These vectors will converge:
- Care providers who are focused on the health of an individual and a population will manage their decisions, their information, their processes, and their communications differently from how care providers who are paid to maximize volume.
- We will see continued “shifting left” of health care. What used to happen in the hospital will now happen in the clinic. What used to happen in the clinic will now happen in the home. Practices will increasingly share (or own) risk. Employers will drive providers to improve quality, just as Intel has done.
- Innovative care models will drive new requirements for IT that focus on care quality, collaboration, communication, shared decisions, and patient empowerment (not just “engagement”).
- Machine learning tools will provide real-time insight into the best choices for patients, and these decision support tools will be the core of next-generation health IT systems (rather than “bolted on” as we have today). Our technology infrastructure in health care will (finally) provide some of the adaptive, anticipatory assistance that we have come to expect from the rest of our interactions with the technical tools we use every day.
- Because of the enhanced intelligence of the IT infrastructure, safety of health IT systems will become increasingly important, and the government agencies such as the FDA and ONC (and their international counterparts) will need to find the right risk based regulatory framework to allow for innovation while protecting public safety.
What does this mean?
I’ve expressed above what I believe to be a set of self-evident observations. Yes – I’ve over-simplified a bit, and one can find exceptions to many of the statements I make about both existing systems and the absence of 21st-century solutions in health care. Both would be valid critiques.
But I stand by my statements as good representations of the majority of current state health IT, and the obvious progression toward the future. These systems will be more intelligent. Care delivery will evolve – finally – both due to the federal government’s deep interest in reaching the triple aim – and from the private sector finally understanding that we simply deserve better, as do our children, our parents, and our neighbors.
So it’s obvious (to me) what I need to work on next. I need to weave together my passion for reforming care delivery with my interest in usability/user experience, and my interest in decision support and shared decisions between care providers and individuals/families.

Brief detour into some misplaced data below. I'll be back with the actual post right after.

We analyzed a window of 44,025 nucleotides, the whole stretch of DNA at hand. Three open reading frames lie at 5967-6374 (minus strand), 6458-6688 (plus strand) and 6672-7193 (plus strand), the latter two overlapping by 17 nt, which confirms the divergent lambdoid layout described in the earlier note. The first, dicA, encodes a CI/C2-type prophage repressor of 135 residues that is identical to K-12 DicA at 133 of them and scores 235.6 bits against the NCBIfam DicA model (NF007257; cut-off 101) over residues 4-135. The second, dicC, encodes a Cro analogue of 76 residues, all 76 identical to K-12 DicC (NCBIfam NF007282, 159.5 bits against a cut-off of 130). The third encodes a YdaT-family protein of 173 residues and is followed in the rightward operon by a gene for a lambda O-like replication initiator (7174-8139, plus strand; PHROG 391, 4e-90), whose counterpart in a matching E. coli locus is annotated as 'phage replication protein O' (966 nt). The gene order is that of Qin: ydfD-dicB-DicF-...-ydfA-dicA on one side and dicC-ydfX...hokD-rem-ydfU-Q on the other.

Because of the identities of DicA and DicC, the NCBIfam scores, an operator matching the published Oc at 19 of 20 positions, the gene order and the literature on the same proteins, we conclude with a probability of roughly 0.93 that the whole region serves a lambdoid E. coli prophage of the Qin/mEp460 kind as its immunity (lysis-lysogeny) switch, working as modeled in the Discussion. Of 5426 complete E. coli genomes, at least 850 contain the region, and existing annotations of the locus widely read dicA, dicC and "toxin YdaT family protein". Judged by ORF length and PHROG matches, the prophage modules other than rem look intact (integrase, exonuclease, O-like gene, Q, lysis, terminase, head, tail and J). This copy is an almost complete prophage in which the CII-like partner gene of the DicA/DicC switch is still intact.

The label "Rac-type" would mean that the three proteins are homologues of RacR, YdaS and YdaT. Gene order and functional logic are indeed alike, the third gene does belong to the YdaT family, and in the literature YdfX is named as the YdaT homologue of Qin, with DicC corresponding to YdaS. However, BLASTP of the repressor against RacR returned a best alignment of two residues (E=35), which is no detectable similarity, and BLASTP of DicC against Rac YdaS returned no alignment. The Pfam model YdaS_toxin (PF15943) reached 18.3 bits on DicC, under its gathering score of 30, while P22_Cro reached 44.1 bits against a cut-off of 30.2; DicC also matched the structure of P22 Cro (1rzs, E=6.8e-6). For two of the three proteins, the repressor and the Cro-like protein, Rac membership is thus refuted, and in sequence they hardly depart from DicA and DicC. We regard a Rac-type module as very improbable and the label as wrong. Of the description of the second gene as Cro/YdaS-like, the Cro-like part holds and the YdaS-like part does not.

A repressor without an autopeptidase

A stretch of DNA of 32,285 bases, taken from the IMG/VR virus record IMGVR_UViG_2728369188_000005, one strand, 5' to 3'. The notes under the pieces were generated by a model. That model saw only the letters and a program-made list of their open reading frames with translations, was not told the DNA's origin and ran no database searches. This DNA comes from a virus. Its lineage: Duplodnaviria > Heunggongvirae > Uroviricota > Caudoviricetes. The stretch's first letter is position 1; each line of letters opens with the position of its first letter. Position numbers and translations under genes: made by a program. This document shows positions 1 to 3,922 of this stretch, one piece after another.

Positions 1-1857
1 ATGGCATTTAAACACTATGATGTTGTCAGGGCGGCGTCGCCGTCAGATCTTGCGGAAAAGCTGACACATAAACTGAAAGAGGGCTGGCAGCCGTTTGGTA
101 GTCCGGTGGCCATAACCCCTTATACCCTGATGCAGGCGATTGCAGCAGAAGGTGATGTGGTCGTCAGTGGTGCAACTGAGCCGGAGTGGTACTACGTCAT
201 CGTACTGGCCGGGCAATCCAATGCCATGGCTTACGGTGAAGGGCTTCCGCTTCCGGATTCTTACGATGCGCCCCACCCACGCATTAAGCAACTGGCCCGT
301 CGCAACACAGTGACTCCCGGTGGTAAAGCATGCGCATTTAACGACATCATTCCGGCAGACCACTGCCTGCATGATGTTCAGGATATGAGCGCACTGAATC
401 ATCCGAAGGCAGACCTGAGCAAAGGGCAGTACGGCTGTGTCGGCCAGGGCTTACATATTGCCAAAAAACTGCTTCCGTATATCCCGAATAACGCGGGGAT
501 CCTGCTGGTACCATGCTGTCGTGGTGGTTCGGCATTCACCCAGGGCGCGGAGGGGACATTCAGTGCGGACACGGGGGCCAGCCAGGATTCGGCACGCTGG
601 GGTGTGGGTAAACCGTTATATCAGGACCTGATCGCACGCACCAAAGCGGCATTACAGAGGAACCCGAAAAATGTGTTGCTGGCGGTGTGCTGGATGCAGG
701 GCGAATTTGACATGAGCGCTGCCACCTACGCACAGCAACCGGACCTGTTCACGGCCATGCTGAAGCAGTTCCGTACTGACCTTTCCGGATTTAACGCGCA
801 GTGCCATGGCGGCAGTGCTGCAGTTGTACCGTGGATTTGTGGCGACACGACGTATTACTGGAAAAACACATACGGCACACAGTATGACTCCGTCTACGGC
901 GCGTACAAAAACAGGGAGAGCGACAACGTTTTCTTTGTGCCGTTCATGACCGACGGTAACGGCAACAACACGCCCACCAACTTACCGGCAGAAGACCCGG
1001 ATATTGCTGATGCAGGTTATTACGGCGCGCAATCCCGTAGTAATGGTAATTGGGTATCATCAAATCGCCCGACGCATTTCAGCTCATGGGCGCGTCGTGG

I’ll blog about my personal work to skate to where this puck will be over on docnotes – for the next 15 years.
This is an exciting time. 2015 will mark the real transition as we start to turn the corner from “fee for volume” – and the motivators that maximize volume of care (with the harm that comes along for the ride) – to “fee for value” and the use of intelligent systems that will get us to where we need to be.
Reading with interest.
“ONC, ECRI, Mitre, AHRQ and many others are doing work to better understand patient safety risks of health IT. Real work – done by passionate people who care about patient safety.”
What have they done, exactly, to remove dangerous functionality from these devices? None have enforcement capability.
Think of these organizations as HIT safety lite. Euphemism for safety.
Why not the FDA whose sole purpose is to assure the safety of drugs, devices, and food for the people?
Thanks for your thoughts. I’m curious to get your thoughts on DPC a bit more since you mentioned it.
It still seems to be a micro niche market even compared against traditional concierge practices in terms of the numbers I have. I was wondering where you see DPC fitting in with retail clinics/retail health and hospitals/IDN efforts to build clinically integrated networks whether through physician practice ownership or a revised PHO operating structure or other legal structure?
@Curly Harrison: I think we’ll need to agree to disagree. ONC, ECRI, Mitre, AHRQ and many others are doing work to better understand patient safety risks of health IT. Real work – done by passionate people who care about patient safety. At ONC, Kathy Kenyon, David Hunt, Jodi Daniel, and Andy Gettinger are all actively engaged. Please reach out to learn more before you assume that they “have no idea.” We can let the readers decide if the IOM group was “dominated by vendors” as you suggest. As one who is passionate about data – here is the list of the IOM committee members – I don’t see ANY vendors on the list – a far cry from dominance:
— @KimThomas – I’ll describe my work @ Kyron and Khosla on my personal blog over time. Yes! There will always be doctors and nurses and physical therapists and pharmacists and many other care providers. What these folks do, and how they do their work will be changed by health IT, just as the work of most other professionals has changed.